Construction employment patterns diverged across the country in April as 19 states plus the District of Columbia added jobs over the past year even as losses deepened in others, the Associated General Contractors of America reported in an analysis of state employment data released by the Labor Department. Association officials said the figures reflect an uneven and unsteady construction industry recovery that could be undermined by looming cost increases and public sector funding cuts.
"It is good to see more states adding construction jobs for the year in April than at any point since February 2008," said Ken Simonson, the association's chief economist. "However, most of the gains were modest at best while the losses were more severe in more states than last month." Annual construction employment gains were less than three percent in all but four states while four states experienced double-digit construction job losses, whereas only one state—West Virginia—had such steep annual losses last month.
Of the 20 locations with year-over-year increases, the largest percentage gains occurred in Oklahoma (4.8 percent, 3,200 jobs); followed by Texas (4.1 percent, 23,200 jobs); Tennessee (3.1 percent, 3,300 jobs); Wyoming (3.1 percent, 700 jobs); and Maine (2.5 percent, 600 jobs). Texas, Tennessee and Oklahoma added the largest number of jobs; followed by Indiana (1,500 jobs, 1.3 percent) and Pennsylvania (1,500 jobs, 0.7 percent). Massachusetts had no change in construction employment from April 2010 to April 2011.
Of the 30 states with decreases over the year, the largest percentage drop in construction employment took place in Minnesota (-14.1 percent, -12,900 jobs); followed by Nevada (-11.6 percent, -7,100 jobs); Wisconsin (-11.3 percent, -11,000 jobs); and Colorado (-11.2 percent, -13,100 jobs). Florida lost the largest number of jobs (-20,400 jobs, -5.8 percent); followed by New York (-16,100 jobs, -5.1 percent); Colorado; Minnesota; and Georgia (-12,700 jobs, -8.4 percent).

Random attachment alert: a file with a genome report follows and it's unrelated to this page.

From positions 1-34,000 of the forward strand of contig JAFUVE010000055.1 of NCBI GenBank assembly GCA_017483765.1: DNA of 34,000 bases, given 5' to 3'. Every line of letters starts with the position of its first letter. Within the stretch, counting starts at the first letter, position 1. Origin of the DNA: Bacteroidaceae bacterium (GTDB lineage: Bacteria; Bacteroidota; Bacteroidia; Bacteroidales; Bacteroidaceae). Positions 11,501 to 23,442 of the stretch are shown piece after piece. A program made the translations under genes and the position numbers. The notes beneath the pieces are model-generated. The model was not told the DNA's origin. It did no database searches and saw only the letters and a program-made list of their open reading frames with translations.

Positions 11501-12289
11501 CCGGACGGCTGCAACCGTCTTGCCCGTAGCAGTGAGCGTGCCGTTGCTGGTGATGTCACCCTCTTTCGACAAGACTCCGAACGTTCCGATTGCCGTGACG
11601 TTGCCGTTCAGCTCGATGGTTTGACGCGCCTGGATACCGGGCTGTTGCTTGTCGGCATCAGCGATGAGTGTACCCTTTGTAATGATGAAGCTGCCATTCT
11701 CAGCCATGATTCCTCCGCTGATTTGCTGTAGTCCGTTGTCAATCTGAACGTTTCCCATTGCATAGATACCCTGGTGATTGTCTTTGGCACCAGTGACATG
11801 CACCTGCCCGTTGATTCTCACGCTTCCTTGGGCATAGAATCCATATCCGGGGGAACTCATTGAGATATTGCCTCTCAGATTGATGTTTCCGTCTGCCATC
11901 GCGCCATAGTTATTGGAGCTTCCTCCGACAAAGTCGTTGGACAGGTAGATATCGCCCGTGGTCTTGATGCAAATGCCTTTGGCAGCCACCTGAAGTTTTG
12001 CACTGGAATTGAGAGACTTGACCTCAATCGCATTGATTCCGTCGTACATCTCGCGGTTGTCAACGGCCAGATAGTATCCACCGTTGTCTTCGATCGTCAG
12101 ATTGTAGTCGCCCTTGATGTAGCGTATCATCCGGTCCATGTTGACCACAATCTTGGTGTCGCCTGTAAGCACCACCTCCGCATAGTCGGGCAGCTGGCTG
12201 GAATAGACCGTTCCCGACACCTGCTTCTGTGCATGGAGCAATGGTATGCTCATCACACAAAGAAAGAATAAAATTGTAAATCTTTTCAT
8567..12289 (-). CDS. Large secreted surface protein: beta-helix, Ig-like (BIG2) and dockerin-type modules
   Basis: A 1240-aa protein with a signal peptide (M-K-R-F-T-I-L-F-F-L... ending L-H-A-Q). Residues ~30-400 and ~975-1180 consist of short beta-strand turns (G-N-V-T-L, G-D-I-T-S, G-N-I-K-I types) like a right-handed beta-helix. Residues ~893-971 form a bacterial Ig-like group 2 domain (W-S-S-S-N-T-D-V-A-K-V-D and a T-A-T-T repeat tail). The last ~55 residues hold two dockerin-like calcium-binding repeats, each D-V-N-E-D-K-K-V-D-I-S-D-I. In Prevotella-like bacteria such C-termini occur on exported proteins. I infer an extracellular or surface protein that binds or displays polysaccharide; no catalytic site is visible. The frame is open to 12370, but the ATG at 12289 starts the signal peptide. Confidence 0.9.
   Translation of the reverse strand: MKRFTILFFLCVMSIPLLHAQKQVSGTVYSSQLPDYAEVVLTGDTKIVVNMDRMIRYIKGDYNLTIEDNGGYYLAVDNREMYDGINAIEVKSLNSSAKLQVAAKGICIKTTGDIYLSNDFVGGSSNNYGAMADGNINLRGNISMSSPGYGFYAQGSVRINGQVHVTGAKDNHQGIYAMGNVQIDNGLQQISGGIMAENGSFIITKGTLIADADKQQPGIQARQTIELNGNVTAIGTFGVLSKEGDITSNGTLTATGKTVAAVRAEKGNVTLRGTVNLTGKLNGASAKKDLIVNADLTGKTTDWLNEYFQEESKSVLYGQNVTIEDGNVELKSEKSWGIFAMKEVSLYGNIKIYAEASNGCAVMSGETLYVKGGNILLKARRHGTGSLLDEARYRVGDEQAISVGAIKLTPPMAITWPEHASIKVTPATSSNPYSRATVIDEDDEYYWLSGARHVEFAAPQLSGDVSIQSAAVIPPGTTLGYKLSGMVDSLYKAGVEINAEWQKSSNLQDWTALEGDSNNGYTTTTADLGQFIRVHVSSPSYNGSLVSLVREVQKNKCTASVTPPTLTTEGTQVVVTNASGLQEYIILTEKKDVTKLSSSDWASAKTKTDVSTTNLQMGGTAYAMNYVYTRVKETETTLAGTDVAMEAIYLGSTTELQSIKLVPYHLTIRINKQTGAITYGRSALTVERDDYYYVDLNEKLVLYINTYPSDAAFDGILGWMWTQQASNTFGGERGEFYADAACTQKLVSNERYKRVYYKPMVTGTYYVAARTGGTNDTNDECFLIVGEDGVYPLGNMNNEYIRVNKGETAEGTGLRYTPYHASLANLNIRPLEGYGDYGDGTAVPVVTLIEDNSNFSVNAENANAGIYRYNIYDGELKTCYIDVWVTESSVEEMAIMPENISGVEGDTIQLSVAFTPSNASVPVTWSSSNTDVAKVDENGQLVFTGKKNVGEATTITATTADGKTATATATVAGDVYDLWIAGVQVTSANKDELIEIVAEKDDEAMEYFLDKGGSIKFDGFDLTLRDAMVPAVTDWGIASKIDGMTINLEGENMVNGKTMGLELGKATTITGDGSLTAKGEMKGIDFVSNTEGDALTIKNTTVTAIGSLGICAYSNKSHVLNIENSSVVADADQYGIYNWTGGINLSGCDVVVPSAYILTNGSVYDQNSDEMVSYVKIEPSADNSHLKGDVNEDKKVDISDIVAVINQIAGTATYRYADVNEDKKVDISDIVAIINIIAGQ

Simonson noted that 22 states plus D.C. added jobs during the month, while 27 states lost jobs. Construction employment held steady in Wyoming. West Virginia had the largest percentage rise (7.1 percent, 2,100 jobs); followed by Kansas (3.7 percent, 1,900 jobs); Arizona (3.6 percent, 3,900 jobs); Alaska (2.5 percent, 400 jobs); and South Carolina (2.5 percent, 1,900 jobs). Arizona added the largest number of jobs; followed by New York (2,200 jobs, 0.7 percent); West Virginia; Washington (2,000 jobs, 1.4 percent); and Kansas and South Carolina.
The largest monthly percentage losses occurred in Minnesota (-6.8 percent, -5,700 jobs); followed by Nevada (-5.6 percent, -3,200 jobs); Colorado (-4.1 percent, -4,400 jobs); Rhode Island (-3.9 percent, -600 jobs) and Michigan (-3.9 percent, -4,900 jobs). The largest number of construction job losses over the month was in Texas (-9,300 jobs, -1.6 percent).
Association officials cautioned that the fragile construction employment recovery some states are experiencing could be undermined by a pending federal rule that requires many local governments as well as state and federal governments to withhold 3 percent of contractors' earning for publicly funded work. Combined with federal state and local budget costs, the "Three Percent Rule" is likely to undermine the recover before it starts, officials said.
"Forcing contractors to do less work and earn less for that work isn't a good way to boost construction employment," said Stephen E. Sandherr, the association's chief executive officer.